The hitters then mounted the same comeback as they did a night earlier against San Diego, four runs in the ninth inning and winning on a three-run homer.
Cashner, though, remains winless, and that’s fine.
As long as he continues to pitch like he did Friday and, really, has pitched all season, the Rangers won’t complain.
3. Shohei Otani of the Hokkaido Nippon Ham Fighters is the next big thing coming from Japan, and general manager Jon Daniels traveled to Japan this week to watch the hard-throwing right-hander and big-time power hitter work out with a minor-league team.
Otani is on the disabled list with a thigh injury in what he has said will likely be his final season in Nippon Professional Baseball. Unlike those who came before him, Otani won’t command an enormous salary because he is only 22 and there are rules in the new collective bargaining agreement pertaining to international players younger than 25.
That stuff will be sorted out this winter, when he expects the Fighters to post him for $20 million. Even the manager of the Hokkaido club is prepared to lose his best player after this season.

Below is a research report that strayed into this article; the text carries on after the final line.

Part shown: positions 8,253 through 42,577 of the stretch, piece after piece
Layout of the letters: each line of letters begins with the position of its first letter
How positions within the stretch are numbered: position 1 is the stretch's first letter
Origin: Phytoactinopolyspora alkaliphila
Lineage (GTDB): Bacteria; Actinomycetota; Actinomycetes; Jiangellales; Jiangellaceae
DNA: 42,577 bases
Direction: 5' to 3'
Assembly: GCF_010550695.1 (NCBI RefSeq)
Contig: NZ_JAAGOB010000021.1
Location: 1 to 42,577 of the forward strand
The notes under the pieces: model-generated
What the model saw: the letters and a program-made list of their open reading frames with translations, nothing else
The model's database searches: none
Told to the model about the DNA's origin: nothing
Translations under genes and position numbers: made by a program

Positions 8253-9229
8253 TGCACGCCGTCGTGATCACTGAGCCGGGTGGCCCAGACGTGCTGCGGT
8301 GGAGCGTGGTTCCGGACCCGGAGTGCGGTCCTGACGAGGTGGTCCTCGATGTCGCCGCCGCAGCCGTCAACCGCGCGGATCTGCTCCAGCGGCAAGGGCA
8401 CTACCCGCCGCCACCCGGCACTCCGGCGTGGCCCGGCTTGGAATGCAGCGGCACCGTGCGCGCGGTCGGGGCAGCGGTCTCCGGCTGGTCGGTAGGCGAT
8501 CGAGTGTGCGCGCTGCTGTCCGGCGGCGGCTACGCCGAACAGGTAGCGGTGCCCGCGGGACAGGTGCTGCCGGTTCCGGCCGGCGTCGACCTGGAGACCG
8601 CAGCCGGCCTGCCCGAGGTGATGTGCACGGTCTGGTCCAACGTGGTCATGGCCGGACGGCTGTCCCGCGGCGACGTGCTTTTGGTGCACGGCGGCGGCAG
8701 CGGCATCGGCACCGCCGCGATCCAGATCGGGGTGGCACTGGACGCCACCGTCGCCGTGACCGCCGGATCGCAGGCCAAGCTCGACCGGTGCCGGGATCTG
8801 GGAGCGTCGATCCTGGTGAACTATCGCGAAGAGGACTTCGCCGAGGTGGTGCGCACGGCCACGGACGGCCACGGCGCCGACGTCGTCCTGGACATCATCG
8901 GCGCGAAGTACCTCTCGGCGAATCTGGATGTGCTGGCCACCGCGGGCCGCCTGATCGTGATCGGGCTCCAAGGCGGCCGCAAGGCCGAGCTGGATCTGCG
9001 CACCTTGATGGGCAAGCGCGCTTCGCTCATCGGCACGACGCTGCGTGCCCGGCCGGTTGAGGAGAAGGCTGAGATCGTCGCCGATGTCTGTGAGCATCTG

Daniels wouldn’t go if he didn’t think signing Otani was possible. Otani seeing his face could be valuable when it comes to the kind of relationship that proves invaluable when a player selects which MLB club to negotiate with.
There’s another relationship that could help the Rangers: Yu Darvish’s friendship with and mentorship of Otani.
They work out together in the off-season, and Otani considers Darvish to be his idol and mentor. Some of the always insightful Japanese media members who cover Darvish agree that if Darvish is to re-sign with the Rangers and suggest that Otani sign with the Rangers, Otani will sign with the Rangers.
The question is whether the Rangers will want to keep Darvish, who wants to remain with the Rangers. Remember: Co-owner Ray Davis said during spring that he is willing to go to full market value if it’s for the right player. The question was in the context of keeping Darvish.
Sounds like a piece of cake. Pull the trigger on both.
Man, it really is easy to spend someone else’s money.